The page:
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Backups: How many do I need and where do I store them?

Threats to your files can come in all shapes and sizes, from device theft to a malicious attack on your network, or even a fire or leak in your office.

Written by Courtney Farrow

March 2018

Backing up your data is as simple as 1, 2, 3.

Creating multiple copies of your most important data might seem like a tedious task, but it can save you a lot of time and trouble in the long run. If and when disaster strikes, all of your data remains safe and the amount of downtime you could experience is significantly reduced.

A brilliant and simple way to backup files is by following the 3-2-1 method. We’ve outlined how many backups you should have and where you need to store them.

Make three copies of your data.

The first rule of the 3-2-1 method is to have at least two more backups in addition to your original files.
Many people make the mistake of having one, single backup of their files. Whilst this is certainly better than not backing up your data at all, having at a minimum of two extra duplicates significantly decreases the chance of data loss.

If you keep one spare copy of your documents in a drawer next to your desk, the backup could be used if your main computer or device fails. However, if there is a flood, fire or break-in at your office and your main computer (plus the extra storage device) is damaged, both sets of data will be destroyed.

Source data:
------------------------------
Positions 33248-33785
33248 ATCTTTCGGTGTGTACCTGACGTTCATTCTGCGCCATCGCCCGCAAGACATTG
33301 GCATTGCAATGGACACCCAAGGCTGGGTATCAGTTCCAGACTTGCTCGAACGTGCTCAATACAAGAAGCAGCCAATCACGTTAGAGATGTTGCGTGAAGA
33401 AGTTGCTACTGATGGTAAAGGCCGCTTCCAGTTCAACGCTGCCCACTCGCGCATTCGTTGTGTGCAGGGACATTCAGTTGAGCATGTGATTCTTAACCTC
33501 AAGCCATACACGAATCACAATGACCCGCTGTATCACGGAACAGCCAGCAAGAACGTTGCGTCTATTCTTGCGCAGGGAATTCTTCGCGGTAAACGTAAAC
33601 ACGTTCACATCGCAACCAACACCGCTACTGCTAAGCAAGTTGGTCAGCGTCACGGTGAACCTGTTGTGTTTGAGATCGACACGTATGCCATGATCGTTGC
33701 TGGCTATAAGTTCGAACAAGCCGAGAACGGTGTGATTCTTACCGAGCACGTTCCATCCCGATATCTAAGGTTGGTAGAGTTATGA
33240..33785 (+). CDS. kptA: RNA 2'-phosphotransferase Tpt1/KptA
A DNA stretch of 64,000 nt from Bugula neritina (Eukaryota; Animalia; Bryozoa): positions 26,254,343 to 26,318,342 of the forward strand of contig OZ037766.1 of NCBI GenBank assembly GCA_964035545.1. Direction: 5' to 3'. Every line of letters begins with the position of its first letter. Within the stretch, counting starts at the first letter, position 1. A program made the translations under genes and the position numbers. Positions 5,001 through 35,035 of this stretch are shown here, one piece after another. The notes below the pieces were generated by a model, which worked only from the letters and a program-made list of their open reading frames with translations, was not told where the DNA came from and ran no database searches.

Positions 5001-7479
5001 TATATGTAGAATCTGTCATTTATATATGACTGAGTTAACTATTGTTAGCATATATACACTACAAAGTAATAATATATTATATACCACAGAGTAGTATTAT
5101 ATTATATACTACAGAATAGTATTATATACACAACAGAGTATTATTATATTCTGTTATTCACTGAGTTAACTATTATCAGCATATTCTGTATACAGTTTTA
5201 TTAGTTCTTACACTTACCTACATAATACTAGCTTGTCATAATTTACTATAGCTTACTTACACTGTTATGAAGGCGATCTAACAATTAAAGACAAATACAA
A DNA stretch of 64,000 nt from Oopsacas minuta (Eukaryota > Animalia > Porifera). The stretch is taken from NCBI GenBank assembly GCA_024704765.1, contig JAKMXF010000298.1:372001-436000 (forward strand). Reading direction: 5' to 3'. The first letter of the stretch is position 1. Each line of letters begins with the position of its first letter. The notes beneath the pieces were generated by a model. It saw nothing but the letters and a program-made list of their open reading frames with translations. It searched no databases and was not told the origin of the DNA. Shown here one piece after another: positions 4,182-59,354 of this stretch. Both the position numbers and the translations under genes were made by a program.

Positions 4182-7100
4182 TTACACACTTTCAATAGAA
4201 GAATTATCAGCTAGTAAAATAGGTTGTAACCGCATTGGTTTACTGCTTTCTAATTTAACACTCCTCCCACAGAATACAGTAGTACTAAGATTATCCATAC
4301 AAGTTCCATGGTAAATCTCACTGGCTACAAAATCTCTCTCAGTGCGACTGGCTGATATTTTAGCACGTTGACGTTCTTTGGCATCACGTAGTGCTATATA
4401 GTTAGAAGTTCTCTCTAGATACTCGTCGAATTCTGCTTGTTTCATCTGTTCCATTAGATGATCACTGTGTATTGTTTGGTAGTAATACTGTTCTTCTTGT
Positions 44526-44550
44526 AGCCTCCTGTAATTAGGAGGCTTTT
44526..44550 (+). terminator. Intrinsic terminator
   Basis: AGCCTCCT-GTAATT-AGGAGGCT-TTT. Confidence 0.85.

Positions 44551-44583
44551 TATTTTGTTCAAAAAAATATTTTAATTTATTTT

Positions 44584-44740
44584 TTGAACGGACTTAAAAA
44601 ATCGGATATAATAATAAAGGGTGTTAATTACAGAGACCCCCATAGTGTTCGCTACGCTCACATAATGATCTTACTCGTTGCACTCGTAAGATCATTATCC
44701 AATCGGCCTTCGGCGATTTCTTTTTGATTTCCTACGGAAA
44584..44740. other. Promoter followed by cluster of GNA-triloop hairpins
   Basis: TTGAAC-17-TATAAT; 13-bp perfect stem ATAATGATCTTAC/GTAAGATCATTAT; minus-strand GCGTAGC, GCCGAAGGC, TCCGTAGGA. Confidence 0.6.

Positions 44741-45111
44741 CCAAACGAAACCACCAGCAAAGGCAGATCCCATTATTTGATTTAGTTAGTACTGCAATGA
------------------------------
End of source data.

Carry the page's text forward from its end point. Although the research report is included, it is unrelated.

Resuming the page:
A third copy, as the final point of the 3-2-1 rule explains, should ideally be stored in a different location to the first two versions.

Use two different types of storage device.

In order to protect your data even further, be sure to use no less than two types of storage device. For example, avoid using two USB sticks or two laptops.

Again, this limits the chance of a storage failure. If your USB stick isn’t working for a particular reason, there is a likelihood that the other one may not be able to successfully backup your files too.

There are loads of reliable and affordable storage devices out there, including external hard drives, SD Cards, CDs and even the humble floppy disk!

Alternatively, you could use two hard disks, as long as they were stored in separate places.

Keep one backup copy offsite.

Whilst the technology part of backups is crucial, one of the best things you can do is physically store your files in different locations.

As we’ve already mentioned, it’s all well and good making several replicates of your data, but if they are stored in the same location, they are likely to all to be impacted if a disaster does occur. In this unfortunate scenario, you would lose all of your data.

For larger businesses, this step is fairly straightforward. You probably already have additional premises to store your backups at. However, startups and SMBs may not have this luxury. In this case, transitioning to the Cloud may be a feasible option for you. This way, a backup of your business’ data can be stored securely on a remote server that is managed by a trusted company, such as Microsoft or Amazon.

We love the 3-2-1 rule because it can work for all sorts of data types, business models and on both physical and virtual environments.


If you would like more advice on how to set up backups successfully, please get in touch with a member of the Singularitee team.

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